WASHINGTON – Home health technology industry leaders believe the U.S. Food and Drug Administration’s proposed regulation around mobile medical apps is a step in the right direction.
“With the significant increase in the adoption of mobile health care apps, it is necessary to have regulated guidelines and the oversight to ensure the safety and effectiveness of medical devices—including mobile medical apps,” said Leena Palav, senior vice president and chief compliance officer at AMC Health, a provider of remote monitoring solutions. “But in order for these regulations to have the greatest impact, we need to ensure that the digital health guidelines are not released in isolation because this can be confusing to the industry.”
Dr. Scott Gottlieb, FDA Commissioner, said in a viewpoint published this month in JAMA that regulation can encourage development and utilization of mobile medical apps. He said that the health care industry has historically been slow to implement disruptive technology tools, in part because of uncertainty surrounding regulation.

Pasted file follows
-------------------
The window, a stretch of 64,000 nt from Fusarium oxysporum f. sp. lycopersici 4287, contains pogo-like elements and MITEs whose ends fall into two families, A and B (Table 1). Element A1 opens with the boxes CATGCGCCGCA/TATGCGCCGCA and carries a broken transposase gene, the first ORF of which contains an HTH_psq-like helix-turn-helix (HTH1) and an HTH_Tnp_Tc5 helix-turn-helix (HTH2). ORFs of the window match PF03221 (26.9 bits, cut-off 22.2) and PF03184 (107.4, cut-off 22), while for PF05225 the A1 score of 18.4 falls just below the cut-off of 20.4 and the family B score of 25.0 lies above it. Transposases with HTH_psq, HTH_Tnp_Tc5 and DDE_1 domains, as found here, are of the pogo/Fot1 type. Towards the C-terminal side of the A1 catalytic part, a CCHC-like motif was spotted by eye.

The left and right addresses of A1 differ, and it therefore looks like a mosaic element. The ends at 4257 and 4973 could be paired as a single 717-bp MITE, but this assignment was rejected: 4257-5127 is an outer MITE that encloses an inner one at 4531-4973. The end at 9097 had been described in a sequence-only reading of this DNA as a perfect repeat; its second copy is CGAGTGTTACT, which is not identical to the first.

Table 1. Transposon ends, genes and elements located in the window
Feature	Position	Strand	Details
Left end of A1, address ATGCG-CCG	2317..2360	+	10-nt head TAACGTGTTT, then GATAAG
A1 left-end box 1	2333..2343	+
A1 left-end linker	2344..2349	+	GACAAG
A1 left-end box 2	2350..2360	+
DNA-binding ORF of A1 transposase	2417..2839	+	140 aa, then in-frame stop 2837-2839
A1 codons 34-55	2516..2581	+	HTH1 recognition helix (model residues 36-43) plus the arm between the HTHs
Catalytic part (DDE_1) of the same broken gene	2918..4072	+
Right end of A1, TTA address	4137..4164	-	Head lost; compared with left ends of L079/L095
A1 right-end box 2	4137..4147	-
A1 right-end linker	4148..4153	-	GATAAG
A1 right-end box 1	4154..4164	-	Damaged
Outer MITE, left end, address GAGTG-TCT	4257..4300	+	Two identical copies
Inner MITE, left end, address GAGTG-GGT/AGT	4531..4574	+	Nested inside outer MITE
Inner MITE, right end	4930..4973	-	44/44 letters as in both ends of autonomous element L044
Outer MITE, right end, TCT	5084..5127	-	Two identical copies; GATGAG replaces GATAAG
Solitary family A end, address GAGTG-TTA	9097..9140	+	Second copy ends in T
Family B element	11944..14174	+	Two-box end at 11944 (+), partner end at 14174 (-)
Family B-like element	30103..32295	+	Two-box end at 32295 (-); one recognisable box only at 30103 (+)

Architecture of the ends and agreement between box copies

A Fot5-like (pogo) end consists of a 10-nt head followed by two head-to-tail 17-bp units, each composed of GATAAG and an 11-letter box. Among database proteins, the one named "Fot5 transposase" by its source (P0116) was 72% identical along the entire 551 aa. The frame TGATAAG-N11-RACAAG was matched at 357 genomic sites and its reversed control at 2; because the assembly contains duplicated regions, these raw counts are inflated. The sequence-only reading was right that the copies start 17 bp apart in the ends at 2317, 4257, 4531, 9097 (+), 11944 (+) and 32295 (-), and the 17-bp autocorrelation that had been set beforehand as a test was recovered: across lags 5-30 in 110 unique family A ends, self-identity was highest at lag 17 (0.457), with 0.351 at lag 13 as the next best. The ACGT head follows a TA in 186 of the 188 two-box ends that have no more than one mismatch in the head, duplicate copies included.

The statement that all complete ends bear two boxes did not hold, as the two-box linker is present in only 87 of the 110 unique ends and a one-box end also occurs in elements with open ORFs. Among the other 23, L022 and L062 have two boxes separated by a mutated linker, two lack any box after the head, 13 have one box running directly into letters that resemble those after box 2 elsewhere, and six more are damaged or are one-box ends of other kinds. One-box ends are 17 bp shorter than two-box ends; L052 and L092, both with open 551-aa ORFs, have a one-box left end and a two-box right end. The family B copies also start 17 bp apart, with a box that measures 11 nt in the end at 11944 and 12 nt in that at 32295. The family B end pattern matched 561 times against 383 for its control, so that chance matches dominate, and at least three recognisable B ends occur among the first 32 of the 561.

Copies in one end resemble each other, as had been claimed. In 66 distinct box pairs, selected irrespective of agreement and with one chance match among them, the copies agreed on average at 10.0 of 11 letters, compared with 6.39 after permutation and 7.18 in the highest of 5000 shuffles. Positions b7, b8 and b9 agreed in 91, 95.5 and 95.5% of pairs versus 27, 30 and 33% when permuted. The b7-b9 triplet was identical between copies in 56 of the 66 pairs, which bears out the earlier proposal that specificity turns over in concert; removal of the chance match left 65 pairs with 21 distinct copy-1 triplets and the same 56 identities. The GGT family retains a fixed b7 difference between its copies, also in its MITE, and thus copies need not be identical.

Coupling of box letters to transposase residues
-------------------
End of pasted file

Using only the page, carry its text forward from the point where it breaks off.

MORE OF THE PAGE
To address the issue, the agency released a Digital Innovation Plan last year, which included plans for a pilot program that would allow makers of low-risk software-based medical devices to self-certify their products and avoid the traditional premarket review process. Nine companies including Apple, Fitbit and Johnson & Johnson were selected to participate in the pilot, which is expected to start next year.
The FDA also announced plans to not regulate mobile apps intended to maintain or encourage healthy living.
“For the sake of patient safety, we believe any digital solution used to diagnose and/or treat a medical condition should be held to a regulatory standard,” said Larissa D’Andrea, senior director of government affairs at sleep solutions provider ResMed. “If done right, such regulation will instill greater patient and provider confidence in connected health solutions and encourage their adoption.”